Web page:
We might say similar things of many, many others – even of the two authors who have had the greatest influence on my life.  It just so happens that they were contemporaries, serving as professors in related fields at prestigious English universities.  It is no secret that J.R.R. Tolkien was instrumental in bringing C.S. Lewis out of atheism and into a relationship with Jesus Christ (Yeshua the Messiah).  Yet Tolkien was disappointed that he could get Lewis no closer to what he considered true Christianity (Roman Catholicism) than the Anglican Church.  And yet the two remained friends and colleagues, greatly influencing each others’ literary and other works.

This begs the question:  If Tolkien and Lewis could get along, why is it that Hebrew Roots believers have trouble getting along with one another?  Or why is it that traditional Christians and Messianic believers of all stripes find it easier to condemn one another rather than support and pray for one another?  Or why do Christians and Jews have such difficulty accepting one another as part of the same covenant people of the God of Abraham, Isaac, and Jacob?  It seems that our divisions are doing more work for the enemy of our souls than the good we hope we are doing for the Kingdom of our God.

In the interest of helping to correct this tendency, I am pleased to share an article recently published by Messianic Jewish leader Daniel C. Juster.  Much of my understanding of the Hebrew Roots (or Jewish Roots, as he would say) comes from Dan Juster.  I have been blessed to sit under his teaching and to be discipled by this writings.

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Why Did Tolkien Care About the Jews? | PJ Media

The headstone at the Tolkiens' grave in Oxford, England.

The headstone at the Tolkiens’ grave in Oxford, England.

Somewhere in my boxes full of old photographs there is a picture I took in 1986 while on a pilgrimage to Oxford, England.  The purpose of that trip to England was not to visit Oxford, but to attend a conference with one of my oldest friends (who probably would prefer to remain anonymous).  I was stationed in Germany at the time, and he was in need of a vacation, so we met in England to join other friends at a Christian conference.  When it was over the opportunity arose to see Oxford.  Since we had met two very charming British girls at the conference, and since they shared some of my enthusiasm for Tolkien, they joined us on this journey.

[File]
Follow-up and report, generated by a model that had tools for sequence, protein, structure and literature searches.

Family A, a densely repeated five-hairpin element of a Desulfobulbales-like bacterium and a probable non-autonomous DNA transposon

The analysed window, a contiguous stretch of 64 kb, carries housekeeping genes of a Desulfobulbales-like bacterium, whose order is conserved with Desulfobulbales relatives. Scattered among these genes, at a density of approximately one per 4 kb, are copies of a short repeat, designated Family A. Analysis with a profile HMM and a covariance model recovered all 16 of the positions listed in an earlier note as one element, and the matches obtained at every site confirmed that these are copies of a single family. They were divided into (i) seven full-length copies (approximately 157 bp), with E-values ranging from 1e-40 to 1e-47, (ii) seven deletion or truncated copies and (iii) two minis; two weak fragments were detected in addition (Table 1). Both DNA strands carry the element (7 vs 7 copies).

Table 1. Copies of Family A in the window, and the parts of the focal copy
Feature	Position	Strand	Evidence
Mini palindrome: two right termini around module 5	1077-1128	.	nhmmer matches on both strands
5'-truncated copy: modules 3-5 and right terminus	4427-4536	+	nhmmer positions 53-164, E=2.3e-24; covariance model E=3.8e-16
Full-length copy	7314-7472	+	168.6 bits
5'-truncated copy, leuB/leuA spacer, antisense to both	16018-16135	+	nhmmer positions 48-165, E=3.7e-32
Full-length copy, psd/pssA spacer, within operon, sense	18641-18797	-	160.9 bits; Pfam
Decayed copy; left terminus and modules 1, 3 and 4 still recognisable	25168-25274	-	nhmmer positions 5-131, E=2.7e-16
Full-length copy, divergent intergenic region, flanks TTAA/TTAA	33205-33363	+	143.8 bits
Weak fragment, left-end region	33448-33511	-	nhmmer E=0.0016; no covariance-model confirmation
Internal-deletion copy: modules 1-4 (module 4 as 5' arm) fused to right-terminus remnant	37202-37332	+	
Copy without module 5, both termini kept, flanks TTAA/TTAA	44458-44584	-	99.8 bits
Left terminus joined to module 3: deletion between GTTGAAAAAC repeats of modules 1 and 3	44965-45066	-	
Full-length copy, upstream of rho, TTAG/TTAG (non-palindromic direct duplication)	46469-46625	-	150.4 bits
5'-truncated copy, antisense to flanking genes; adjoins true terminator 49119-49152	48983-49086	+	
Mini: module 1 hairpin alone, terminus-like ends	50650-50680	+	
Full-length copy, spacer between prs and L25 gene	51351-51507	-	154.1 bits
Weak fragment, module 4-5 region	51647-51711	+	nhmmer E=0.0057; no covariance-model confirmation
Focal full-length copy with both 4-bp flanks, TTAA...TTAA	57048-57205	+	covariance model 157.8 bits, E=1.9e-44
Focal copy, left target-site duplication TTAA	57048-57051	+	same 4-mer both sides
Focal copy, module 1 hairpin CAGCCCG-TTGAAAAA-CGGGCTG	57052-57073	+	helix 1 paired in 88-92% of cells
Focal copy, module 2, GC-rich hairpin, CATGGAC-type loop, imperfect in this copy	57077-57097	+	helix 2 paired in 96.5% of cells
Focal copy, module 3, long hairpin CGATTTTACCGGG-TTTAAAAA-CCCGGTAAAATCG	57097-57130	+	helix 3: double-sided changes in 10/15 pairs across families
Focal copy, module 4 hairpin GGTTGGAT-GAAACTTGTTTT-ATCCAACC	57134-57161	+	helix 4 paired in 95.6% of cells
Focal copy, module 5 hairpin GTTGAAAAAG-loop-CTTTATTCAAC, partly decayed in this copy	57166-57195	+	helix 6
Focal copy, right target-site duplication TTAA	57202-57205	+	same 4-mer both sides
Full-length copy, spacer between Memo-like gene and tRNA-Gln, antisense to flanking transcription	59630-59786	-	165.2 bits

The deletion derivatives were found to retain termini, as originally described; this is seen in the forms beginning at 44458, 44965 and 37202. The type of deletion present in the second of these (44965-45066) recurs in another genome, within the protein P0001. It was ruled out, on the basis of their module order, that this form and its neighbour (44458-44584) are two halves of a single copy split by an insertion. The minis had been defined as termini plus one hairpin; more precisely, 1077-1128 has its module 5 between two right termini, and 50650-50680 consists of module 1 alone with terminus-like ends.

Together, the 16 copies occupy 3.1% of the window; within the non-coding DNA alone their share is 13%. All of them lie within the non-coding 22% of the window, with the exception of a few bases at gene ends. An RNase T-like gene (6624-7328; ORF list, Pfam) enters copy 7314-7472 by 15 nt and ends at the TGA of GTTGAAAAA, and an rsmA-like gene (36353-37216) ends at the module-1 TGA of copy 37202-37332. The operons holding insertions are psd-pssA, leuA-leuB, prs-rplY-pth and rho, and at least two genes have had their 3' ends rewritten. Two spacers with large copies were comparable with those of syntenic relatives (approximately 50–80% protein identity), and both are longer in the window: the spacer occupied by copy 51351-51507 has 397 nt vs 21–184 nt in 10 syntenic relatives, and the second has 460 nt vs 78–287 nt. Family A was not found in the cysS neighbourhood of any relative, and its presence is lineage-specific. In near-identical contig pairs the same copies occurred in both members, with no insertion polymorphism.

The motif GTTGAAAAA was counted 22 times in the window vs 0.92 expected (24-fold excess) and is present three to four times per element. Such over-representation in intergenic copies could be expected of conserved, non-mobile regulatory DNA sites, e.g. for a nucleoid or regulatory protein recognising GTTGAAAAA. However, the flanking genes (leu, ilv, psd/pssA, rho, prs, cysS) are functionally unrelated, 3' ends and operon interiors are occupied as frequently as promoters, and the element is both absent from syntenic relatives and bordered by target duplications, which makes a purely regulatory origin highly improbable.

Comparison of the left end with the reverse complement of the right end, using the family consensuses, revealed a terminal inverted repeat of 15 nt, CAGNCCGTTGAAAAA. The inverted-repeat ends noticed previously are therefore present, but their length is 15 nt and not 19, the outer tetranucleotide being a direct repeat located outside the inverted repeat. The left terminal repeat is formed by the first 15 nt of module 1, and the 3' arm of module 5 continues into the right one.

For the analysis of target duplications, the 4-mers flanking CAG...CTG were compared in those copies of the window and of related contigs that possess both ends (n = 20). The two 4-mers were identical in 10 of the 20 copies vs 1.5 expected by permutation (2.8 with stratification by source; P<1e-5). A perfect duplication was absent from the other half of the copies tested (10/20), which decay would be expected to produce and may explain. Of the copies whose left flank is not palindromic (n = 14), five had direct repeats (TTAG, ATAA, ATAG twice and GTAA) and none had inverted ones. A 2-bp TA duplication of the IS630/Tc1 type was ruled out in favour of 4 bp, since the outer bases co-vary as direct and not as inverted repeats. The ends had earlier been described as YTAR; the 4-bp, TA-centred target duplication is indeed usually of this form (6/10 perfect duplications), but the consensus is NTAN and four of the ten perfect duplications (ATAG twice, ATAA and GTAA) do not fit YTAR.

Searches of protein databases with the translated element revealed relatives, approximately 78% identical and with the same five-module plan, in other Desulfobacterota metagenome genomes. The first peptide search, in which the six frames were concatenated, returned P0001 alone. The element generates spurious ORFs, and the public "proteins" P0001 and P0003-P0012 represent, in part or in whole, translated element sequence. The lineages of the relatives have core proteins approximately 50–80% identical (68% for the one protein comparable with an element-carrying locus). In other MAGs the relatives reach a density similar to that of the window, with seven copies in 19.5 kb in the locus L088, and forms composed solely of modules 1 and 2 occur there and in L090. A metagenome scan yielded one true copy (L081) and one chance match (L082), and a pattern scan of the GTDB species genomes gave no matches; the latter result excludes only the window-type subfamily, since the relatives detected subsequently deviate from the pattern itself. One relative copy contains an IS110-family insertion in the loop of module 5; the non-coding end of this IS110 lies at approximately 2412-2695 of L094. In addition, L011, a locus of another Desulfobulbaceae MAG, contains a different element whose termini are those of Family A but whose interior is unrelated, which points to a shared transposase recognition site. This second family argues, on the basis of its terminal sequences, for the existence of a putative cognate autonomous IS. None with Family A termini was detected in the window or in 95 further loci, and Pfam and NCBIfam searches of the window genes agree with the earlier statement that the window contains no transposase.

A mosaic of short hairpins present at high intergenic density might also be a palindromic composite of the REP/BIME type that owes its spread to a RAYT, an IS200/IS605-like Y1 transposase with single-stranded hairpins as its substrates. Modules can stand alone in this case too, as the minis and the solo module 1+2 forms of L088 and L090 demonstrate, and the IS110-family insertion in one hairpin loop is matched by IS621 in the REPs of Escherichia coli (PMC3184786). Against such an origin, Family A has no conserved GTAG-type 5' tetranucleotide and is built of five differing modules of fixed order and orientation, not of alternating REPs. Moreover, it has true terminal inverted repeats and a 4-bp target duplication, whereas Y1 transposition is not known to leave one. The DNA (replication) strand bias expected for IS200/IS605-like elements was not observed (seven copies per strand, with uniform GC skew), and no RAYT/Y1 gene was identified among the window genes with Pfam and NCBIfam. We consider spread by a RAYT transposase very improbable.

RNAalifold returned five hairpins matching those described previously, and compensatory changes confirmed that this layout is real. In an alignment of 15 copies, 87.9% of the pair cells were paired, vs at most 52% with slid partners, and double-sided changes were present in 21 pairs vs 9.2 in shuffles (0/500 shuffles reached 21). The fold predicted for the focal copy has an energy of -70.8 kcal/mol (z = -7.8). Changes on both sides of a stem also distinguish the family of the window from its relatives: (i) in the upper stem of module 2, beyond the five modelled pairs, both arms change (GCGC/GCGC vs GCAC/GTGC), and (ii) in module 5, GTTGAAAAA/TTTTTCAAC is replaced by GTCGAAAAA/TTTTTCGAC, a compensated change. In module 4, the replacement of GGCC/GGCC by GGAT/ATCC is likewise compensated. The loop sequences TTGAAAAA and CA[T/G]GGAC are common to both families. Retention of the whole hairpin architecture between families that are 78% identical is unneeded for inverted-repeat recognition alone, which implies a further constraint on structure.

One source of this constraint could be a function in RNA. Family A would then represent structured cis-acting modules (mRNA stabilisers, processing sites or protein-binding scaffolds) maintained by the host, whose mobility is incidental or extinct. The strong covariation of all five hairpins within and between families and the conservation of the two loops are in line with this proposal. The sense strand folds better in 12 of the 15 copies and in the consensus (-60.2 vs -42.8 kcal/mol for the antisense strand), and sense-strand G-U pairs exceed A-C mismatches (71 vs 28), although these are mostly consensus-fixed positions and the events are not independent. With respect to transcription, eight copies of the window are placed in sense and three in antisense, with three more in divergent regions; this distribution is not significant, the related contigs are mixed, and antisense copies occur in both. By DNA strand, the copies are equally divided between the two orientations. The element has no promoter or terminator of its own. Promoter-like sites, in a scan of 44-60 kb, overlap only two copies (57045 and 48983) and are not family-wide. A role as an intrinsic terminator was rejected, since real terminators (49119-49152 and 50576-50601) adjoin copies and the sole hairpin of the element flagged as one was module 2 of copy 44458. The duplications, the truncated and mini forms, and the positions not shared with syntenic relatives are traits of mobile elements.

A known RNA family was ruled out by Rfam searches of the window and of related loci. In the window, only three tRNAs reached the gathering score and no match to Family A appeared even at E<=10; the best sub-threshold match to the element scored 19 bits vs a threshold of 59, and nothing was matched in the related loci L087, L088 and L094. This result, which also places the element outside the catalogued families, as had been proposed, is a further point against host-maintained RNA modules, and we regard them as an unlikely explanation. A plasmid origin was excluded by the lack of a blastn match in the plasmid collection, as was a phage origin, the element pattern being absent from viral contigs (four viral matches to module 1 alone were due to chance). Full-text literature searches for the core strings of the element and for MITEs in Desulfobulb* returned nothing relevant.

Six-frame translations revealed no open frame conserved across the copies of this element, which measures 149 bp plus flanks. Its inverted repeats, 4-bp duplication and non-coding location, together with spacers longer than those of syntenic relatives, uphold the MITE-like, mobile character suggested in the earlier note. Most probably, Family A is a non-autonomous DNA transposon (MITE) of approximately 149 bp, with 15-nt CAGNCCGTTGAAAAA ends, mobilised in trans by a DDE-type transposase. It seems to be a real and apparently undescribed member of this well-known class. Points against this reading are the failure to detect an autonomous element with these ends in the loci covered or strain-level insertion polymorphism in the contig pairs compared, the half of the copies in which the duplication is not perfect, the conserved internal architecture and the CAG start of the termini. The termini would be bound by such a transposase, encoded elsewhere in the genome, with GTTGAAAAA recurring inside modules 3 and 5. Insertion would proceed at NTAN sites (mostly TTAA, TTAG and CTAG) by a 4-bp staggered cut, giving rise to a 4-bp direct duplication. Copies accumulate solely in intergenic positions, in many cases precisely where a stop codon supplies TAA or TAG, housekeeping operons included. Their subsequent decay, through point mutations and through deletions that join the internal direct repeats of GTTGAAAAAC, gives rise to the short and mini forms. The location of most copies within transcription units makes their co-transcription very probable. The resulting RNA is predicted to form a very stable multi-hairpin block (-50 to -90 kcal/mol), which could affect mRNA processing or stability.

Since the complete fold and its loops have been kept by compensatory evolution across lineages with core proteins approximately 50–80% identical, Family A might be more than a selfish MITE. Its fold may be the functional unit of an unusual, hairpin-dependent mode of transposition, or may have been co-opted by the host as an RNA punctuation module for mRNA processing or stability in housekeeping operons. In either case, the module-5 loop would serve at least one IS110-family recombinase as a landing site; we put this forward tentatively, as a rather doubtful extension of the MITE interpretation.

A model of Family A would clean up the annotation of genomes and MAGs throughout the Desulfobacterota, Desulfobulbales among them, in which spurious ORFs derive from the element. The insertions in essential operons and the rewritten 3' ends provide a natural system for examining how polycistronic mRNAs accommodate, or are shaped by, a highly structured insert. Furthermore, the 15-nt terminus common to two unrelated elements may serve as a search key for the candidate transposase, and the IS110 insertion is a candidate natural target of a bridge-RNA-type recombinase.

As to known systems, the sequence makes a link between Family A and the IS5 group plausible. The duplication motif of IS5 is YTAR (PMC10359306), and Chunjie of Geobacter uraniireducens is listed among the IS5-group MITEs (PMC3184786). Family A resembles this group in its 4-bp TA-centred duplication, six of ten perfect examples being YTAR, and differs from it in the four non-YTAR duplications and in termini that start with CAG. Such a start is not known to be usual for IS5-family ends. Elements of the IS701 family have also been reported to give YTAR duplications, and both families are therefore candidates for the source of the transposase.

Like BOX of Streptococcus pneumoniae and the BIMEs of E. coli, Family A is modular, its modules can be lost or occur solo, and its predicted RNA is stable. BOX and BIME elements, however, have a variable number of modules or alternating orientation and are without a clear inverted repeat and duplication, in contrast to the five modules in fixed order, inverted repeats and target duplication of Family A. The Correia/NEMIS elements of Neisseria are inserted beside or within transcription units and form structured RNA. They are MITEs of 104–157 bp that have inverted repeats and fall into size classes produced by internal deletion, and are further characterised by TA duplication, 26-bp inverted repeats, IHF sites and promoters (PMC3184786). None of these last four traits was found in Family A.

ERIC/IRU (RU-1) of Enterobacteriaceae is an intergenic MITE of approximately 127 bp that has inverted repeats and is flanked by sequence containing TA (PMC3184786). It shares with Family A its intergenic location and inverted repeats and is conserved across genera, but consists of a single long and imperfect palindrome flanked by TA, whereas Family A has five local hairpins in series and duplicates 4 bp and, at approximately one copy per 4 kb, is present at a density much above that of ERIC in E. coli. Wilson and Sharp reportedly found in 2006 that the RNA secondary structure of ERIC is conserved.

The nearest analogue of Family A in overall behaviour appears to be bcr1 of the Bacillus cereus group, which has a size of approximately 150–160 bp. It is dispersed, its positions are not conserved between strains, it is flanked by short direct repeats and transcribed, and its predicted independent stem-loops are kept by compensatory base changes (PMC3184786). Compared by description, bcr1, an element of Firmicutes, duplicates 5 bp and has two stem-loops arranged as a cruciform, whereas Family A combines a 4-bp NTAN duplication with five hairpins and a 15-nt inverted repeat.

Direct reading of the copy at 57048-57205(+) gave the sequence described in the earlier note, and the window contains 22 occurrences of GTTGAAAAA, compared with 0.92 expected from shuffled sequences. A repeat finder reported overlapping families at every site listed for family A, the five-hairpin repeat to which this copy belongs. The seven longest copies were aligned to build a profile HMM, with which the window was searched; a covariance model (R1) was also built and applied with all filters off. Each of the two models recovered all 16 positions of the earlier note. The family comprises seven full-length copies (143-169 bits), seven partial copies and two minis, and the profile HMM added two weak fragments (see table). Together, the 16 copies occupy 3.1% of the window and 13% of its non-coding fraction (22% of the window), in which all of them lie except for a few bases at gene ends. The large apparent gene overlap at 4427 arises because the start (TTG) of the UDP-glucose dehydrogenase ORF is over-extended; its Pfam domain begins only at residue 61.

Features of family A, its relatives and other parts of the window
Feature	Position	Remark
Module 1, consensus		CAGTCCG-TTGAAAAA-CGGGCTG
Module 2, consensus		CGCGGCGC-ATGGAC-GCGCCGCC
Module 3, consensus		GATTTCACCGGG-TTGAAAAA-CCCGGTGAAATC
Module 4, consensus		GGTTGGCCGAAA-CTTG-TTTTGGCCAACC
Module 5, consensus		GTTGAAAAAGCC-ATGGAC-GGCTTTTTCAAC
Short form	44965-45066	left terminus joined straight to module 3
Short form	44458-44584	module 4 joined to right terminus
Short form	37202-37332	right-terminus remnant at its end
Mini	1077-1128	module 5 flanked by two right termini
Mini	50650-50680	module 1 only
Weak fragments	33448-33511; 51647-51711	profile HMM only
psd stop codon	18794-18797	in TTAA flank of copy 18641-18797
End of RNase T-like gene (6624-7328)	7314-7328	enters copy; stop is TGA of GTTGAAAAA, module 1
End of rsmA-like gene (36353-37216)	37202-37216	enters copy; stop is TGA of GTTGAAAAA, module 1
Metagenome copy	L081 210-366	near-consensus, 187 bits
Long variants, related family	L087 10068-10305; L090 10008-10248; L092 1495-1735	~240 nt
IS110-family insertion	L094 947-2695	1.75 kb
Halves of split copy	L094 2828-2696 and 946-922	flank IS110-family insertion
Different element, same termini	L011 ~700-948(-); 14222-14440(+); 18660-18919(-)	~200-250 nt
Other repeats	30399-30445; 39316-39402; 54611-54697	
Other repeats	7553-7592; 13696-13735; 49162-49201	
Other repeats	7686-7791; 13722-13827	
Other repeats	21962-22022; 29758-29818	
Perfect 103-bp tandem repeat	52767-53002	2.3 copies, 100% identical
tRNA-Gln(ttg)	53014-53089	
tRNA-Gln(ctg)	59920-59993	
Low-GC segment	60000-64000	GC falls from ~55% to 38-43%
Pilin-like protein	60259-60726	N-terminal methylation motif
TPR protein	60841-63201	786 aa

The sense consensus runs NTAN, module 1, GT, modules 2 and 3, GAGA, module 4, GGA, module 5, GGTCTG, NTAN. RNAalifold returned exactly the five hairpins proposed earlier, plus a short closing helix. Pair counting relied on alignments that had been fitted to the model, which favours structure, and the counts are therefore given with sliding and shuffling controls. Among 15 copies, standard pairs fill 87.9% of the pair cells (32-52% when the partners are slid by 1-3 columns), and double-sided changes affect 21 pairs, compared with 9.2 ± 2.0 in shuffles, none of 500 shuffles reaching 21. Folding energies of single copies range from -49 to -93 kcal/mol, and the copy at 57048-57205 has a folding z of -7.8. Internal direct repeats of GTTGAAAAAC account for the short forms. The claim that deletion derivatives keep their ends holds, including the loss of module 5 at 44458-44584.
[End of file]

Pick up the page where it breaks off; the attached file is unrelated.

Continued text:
Ah, Tolkien.  He was the attraction to Oxford.  J.R.R. Tolkien’s works have captured my attention since I first read The Hobbit and The Lord of the Rings at age 11.  Of the handful of authors who shaped my worldview, he and C.S. Lewis share the top position.  It was his grave I particularly wanted to see, after enjoying a pint in his honor at The Eagle and Child, the pub where he, Lewis, and others shared their literary ideas.  The old photograph lost somewhere in the boxes is the one I took of his grave.  One day I will dig it out and put it in an album of good memories.

Tolkien left us far more than good memories, of course.  He has made a lasting impact for good on four generations of English-speaking youth.  That impact shows no sign of slowing – provided youth of the present and future read him, that is.  Watching the cinematic adaptations of his works is not enough.  The depth of Tolkien is not in the action sequences of Elves fighting Orcs and Dwarves hunting dragons, but in the way he weaves the essence of humanity into his stories.  I view this as a gift from the Almighty.